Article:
The Health Minister representative announced on Wednesday that Ontarian government is lobbying to cut OHIP’s Out-of-Country Travellers Program due to concern about the province’s $11.7 billion deficit.
Progressive Conservative legislator Robin Martin stated: “We want to maximize value we get for people and we think that this is not an effective use of our resources.” According to Martin, people traveling abroad should purchase their own travel insurance as OHIP coverage is limited and 94 percent of international reimbursement is taken care of by private travel insurances.
Up until now, Canadian patients abroad enjoy up to $450 per day for inpatient and outpatient services under OHIP program. Around $9 million is claimed annually and an additional $2.8 million of administrative fees is shouldered by the province to process these claims.
The public was given six days to post their opinions from the publishing of the proposal by The Tories on Wednesday. If gone through, the new policy would take effect from the first of October.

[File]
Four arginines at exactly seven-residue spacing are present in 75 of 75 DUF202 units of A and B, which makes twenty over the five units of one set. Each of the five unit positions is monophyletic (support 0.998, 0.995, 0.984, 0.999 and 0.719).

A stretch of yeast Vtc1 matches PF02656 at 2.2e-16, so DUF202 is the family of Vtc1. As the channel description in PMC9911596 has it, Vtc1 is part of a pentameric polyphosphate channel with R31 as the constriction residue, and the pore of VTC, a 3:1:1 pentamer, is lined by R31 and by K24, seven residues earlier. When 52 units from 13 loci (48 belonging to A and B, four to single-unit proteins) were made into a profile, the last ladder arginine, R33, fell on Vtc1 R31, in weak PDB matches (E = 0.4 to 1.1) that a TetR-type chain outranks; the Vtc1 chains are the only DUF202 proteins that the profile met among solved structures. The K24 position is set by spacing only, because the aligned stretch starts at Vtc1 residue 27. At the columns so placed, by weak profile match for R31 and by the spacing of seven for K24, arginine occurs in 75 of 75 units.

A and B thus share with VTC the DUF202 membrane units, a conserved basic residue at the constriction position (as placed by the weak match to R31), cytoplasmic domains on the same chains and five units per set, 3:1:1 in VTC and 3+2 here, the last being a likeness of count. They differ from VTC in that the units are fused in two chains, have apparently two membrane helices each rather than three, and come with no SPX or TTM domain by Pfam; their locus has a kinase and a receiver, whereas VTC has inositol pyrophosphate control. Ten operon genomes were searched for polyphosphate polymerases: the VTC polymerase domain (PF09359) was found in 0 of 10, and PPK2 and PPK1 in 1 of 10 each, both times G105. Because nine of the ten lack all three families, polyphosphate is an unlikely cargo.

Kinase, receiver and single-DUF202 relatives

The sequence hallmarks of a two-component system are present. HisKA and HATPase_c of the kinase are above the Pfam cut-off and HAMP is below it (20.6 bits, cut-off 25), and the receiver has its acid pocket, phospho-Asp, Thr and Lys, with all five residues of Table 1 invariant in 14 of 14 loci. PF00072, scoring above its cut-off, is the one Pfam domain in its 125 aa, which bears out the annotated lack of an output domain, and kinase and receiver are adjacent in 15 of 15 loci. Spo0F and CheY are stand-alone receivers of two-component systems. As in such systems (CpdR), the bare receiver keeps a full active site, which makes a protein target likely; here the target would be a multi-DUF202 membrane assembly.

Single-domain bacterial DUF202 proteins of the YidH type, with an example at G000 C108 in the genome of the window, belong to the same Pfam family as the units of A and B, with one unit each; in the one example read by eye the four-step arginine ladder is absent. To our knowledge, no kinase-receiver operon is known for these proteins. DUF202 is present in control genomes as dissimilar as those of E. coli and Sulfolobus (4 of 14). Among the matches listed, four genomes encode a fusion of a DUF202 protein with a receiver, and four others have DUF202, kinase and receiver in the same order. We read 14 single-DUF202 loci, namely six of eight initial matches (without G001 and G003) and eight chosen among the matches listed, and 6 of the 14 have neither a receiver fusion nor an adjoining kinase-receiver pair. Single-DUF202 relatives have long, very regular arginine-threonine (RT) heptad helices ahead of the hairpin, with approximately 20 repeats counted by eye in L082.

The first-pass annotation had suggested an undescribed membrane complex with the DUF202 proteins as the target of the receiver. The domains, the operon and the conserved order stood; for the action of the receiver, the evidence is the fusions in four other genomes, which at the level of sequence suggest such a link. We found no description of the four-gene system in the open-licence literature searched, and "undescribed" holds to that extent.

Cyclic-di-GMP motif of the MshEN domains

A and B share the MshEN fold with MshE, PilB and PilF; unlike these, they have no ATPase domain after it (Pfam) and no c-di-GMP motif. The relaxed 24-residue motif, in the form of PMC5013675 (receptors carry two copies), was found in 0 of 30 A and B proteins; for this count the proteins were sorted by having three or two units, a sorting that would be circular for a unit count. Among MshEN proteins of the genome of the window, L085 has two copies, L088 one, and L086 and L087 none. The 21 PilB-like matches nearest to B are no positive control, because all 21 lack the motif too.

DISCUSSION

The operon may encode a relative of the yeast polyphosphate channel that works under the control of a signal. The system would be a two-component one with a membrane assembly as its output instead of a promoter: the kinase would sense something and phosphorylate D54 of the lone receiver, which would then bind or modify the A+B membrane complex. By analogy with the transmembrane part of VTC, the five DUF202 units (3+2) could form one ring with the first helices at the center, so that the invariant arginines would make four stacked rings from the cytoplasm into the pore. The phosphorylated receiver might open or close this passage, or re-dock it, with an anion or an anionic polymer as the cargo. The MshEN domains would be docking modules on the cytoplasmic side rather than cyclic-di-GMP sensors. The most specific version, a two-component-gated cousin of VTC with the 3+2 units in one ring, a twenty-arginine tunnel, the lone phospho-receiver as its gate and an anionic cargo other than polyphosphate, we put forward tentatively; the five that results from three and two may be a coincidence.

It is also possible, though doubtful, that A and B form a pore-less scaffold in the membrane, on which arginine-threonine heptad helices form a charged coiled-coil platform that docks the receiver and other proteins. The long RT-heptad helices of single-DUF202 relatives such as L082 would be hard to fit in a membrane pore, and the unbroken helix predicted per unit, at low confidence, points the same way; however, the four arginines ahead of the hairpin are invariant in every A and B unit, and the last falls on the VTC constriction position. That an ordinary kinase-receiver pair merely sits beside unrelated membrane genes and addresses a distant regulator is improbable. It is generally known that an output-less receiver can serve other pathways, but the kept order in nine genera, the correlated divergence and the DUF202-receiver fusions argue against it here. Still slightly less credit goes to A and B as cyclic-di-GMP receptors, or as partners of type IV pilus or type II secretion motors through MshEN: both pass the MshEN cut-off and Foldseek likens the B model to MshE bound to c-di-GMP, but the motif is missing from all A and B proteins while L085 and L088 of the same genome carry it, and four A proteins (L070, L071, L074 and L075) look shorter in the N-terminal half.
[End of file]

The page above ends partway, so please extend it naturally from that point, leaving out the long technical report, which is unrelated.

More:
Marit Stiles from NDP legislator views the cut as “disturbing” and accused the government of forcing the change while not properly consult Ontarians.
Auditor General Bonnie Lysyk in her 2018 report, said that approximately 88,000 out-of-country claims were processed each year over the five year period with the average payout of $127 per claim. During the year 2017-2018, 83 percent of these claims went to the United States.
In the report, Lysyk also points out how vulnerable travelers could be even simply by crossing the border. The case of “Mary” was brought up for demonstration. The women caught up in a car accident on her way to Buffalo for a weekend shopping. She ended up with a $13,000 medical bill in which, only $1,400 was covered.
The report also criticizes the high administrative costs. This might due to checking varying services fee manually from different physicians. Hence, she suggests that the government should adopt a fixed rate of reimbursement for all out-of-country health services.
Another recommendation from Lysyk is more efforts should be made to raise Ontarians awareness about the need for private traveling health insurance as well as the coverage limits from OHIP program.
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